TW: sexual assault, spiking, consent, sexual violence
Recently, we dedicated an edition of The Mancunion to spiking, so you’ve seen the spiking reports and the campaign effort students have taken. Now, we turn to the role of universities. With countrywide increases in drink spiking, and continued sexual violence against women, the consent discussion has returned to focus on universities. Is this enough to truly educate students on the nuances of consent?
Many universities across the country have tried to tackle the topic of consent through the adoption of online modules. They educate students on what consent means and how it plays out in sexual relationships. Modules are a move in the right direction, but the topic of consent is simply too pressing to address in this format only, and it is difficult to enforce that students take part. In-person compulsory modules and workshops would increase students’ chances of truly understanding consent beyond surface level. Investment in these measures would enable a more nuanced education that focuses on consent and boundaries within romantic relationships. After all, around 30% of women are sexually assaulted by intimate partners, rather than strangers on the street.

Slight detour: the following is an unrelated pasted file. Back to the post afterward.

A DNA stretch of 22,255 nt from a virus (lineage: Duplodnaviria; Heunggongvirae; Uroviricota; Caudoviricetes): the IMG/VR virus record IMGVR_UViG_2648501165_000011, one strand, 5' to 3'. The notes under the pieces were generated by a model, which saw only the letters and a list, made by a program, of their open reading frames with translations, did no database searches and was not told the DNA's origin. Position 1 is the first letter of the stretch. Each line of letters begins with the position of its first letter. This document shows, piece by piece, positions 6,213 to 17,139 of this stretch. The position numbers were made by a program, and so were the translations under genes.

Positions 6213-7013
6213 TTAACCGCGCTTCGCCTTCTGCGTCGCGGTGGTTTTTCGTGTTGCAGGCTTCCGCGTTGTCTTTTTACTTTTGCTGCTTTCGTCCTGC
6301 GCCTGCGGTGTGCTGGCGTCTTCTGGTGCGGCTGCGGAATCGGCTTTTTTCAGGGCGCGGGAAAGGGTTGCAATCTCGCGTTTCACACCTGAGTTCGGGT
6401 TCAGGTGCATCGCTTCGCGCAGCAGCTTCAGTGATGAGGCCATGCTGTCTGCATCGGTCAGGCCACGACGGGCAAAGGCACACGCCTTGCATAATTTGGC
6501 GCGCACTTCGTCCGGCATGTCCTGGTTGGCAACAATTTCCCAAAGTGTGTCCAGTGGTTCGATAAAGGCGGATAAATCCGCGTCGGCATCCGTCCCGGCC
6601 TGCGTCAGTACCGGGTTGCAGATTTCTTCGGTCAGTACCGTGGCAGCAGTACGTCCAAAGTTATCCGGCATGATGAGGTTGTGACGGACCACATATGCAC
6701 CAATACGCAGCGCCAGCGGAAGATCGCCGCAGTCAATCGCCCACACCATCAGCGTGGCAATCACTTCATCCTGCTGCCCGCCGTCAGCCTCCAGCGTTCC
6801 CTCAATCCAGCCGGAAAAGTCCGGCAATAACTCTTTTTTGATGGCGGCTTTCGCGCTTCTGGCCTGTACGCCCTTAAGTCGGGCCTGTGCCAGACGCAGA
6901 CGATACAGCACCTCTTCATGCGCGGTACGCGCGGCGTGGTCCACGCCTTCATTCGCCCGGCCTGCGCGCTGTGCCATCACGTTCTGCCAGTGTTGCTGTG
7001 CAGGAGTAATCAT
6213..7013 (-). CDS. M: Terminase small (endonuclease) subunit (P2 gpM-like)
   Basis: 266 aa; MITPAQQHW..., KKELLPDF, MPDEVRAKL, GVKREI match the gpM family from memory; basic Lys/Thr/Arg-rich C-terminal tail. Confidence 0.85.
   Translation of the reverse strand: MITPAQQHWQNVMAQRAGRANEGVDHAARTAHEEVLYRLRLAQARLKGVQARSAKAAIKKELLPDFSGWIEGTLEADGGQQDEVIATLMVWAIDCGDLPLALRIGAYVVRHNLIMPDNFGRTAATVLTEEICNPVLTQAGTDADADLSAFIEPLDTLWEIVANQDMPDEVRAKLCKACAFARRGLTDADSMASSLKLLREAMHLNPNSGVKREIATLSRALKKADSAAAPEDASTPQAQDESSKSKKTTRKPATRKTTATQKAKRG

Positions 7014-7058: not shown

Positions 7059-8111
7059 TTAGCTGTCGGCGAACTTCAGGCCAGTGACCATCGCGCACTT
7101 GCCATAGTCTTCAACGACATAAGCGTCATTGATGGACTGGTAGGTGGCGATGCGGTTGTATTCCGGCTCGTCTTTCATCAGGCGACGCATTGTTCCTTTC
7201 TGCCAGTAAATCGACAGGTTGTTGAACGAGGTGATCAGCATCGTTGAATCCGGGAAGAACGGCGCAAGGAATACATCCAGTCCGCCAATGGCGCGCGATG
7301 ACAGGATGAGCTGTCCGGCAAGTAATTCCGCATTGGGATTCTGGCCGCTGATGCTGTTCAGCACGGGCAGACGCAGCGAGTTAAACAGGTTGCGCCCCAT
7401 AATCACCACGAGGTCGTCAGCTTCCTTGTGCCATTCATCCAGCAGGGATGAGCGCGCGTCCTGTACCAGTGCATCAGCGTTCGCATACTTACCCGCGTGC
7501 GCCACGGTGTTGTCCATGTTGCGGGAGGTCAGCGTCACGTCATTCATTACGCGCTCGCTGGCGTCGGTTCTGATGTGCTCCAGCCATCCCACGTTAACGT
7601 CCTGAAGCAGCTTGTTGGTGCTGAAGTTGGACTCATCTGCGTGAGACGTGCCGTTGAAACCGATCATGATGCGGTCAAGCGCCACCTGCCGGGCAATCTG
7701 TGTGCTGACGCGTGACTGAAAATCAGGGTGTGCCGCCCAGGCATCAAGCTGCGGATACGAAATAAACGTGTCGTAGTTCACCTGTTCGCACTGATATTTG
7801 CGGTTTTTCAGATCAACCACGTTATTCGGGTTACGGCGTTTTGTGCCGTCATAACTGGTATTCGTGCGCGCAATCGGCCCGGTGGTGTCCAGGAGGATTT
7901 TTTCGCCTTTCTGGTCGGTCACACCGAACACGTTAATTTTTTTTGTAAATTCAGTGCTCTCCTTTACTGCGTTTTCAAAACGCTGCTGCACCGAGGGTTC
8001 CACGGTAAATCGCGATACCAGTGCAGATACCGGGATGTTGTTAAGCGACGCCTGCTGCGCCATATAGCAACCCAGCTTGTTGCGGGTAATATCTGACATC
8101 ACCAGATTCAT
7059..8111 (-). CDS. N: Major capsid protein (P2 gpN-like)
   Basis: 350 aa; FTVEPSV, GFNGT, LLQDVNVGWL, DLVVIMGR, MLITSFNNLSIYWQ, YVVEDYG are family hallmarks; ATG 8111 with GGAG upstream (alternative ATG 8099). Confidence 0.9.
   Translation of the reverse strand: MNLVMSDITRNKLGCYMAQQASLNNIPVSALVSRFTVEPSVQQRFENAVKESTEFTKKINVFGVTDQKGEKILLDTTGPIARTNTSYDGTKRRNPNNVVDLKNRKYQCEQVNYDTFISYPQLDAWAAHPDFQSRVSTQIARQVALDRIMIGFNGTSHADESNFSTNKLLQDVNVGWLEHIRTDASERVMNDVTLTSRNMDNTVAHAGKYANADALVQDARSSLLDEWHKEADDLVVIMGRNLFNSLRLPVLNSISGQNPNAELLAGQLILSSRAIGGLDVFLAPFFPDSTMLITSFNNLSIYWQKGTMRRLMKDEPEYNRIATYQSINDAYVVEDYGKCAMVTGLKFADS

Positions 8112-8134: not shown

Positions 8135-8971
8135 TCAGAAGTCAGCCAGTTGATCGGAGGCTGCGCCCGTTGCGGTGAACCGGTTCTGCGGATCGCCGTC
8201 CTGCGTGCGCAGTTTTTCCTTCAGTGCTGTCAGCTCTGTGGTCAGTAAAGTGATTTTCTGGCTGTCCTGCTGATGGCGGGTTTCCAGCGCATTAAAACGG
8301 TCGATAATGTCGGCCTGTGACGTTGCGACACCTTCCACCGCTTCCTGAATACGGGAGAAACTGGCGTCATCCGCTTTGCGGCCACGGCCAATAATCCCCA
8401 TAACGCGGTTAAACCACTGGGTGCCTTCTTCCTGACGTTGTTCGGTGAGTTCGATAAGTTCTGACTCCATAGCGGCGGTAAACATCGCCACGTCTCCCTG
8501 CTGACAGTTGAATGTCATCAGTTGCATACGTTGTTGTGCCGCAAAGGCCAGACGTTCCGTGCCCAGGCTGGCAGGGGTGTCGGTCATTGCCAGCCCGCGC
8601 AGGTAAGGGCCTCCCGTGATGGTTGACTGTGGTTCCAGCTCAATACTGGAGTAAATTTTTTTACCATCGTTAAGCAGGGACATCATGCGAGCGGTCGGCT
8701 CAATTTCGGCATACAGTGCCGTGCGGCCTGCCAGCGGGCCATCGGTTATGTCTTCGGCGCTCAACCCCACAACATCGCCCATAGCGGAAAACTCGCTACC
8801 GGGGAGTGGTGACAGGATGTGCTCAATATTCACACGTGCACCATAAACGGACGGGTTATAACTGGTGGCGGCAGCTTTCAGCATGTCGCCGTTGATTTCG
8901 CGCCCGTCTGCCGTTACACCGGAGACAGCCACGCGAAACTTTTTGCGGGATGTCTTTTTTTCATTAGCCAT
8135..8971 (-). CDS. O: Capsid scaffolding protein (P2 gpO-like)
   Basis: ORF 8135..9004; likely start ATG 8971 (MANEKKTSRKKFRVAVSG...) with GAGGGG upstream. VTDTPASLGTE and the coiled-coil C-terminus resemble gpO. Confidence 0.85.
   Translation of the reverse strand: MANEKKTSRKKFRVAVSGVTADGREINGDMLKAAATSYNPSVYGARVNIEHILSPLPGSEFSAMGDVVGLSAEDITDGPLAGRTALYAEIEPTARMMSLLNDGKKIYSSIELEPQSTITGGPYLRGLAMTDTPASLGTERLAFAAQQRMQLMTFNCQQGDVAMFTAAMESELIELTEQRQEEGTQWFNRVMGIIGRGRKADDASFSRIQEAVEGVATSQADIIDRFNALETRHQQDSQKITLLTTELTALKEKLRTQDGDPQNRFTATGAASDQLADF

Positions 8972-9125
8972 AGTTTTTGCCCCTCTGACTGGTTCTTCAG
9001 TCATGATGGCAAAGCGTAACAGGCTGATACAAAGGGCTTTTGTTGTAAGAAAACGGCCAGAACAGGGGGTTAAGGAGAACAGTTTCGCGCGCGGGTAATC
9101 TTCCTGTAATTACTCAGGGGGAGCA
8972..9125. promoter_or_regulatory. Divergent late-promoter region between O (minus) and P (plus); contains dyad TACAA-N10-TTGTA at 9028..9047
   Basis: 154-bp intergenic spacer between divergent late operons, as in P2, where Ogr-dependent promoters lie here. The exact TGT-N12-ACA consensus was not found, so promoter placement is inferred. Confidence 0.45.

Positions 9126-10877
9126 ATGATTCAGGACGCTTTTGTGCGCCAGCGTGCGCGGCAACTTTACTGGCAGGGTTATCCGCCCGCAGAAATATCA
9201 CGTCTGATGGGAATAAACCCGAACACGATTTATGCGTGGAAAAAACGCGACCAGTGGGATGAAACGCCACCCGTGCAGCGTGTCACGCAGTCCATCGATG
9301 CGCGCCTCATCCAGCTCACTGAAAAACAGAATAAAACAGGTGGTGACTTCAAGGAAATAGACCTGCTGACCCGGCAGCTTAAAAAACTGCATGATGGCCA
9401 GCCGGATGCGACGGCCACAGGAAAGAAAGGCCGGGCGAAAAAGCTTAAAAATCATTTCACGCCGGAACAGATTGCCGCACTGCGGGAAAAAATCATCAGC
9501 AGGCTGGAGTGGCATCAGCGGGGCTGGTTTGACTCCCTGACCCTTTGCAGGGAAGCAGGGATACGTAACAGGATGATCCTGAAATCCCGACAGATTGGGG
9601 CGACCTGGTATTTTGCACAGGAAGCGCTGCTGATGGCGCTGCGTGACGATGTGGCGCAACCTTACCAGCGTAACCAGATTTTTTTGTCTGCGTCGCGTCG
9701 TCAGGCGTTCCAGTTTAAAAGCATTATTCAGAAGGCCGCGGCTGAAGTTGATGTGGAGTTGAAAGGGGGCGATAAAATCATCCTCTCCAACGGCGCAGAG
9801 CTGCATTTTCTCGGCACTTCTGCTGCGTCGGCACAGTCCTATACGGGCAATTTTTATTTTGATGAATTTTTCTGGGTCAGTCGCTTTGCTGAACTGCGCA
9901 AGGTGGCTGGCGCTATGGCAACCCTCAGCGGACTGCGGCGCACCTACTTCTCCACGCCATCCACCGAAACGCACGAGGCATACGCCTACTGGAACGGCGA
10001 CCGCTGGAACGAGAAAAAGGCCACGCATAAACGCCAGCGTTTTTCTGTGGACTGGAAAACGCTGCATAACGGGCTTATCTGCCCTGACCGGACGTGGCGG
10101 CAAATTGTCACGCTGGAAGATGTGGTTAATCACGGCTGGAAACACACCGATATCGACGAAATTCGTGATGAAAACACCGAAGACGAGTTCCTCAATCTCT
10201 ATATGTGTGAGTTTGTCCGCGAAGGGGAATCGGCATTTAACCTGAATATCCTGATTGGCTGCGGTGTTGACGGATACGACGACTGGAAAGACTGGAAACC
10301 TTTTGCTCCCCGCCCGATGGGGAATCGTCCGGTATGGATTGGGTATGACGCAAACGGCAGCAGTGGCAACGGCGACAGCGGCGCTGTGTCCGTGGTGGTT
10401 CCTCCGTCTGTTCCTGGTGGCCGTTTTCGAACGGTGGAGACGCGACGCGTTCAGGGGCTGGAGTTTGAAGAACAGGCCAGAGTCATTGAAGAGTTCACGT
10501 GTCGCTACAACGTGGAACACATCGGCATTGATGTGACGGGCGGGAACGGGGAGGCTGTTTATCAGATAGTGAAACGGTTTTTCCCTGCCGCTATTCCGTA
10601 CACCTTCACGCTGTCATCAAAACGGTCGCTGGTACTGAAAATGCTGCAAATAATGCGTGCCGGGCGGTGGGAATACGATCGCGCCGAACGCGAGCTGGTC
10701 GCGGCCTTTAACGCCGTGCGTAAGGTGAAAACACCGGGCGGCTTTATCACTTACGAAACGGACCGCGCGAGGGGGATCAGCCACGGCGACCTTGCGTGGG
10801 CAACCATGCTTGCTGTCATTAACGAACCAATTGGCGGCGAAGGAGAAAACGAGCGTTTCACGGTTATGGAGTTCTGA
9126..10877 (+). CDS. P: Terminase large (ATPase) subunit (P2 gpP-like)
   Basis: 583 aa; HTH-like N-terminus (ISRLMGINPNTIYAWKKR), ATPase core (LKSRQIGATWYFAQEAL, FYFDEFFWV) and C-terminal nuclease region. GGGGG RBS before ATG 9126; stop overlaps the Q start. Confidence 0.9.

We also need to call into question whether these modules are too little, too late. One study by the Higher Education Policy Institute found that only 25% of students believe their pre-university education prepared them for sex and relationships. 58% of these students felt that all students should have to pass a consent test before even attending university.
The adoption of such measures would certainly pave the way for a safer university environment. This would in turn enable women to feel more comfortable on campus grounds. But, for this to happen, universities have to start recognising the value of consent by acknowledging that they are complicit in high levels of sexual assault. Only then can universities begin to take measures that match the severity of the crime.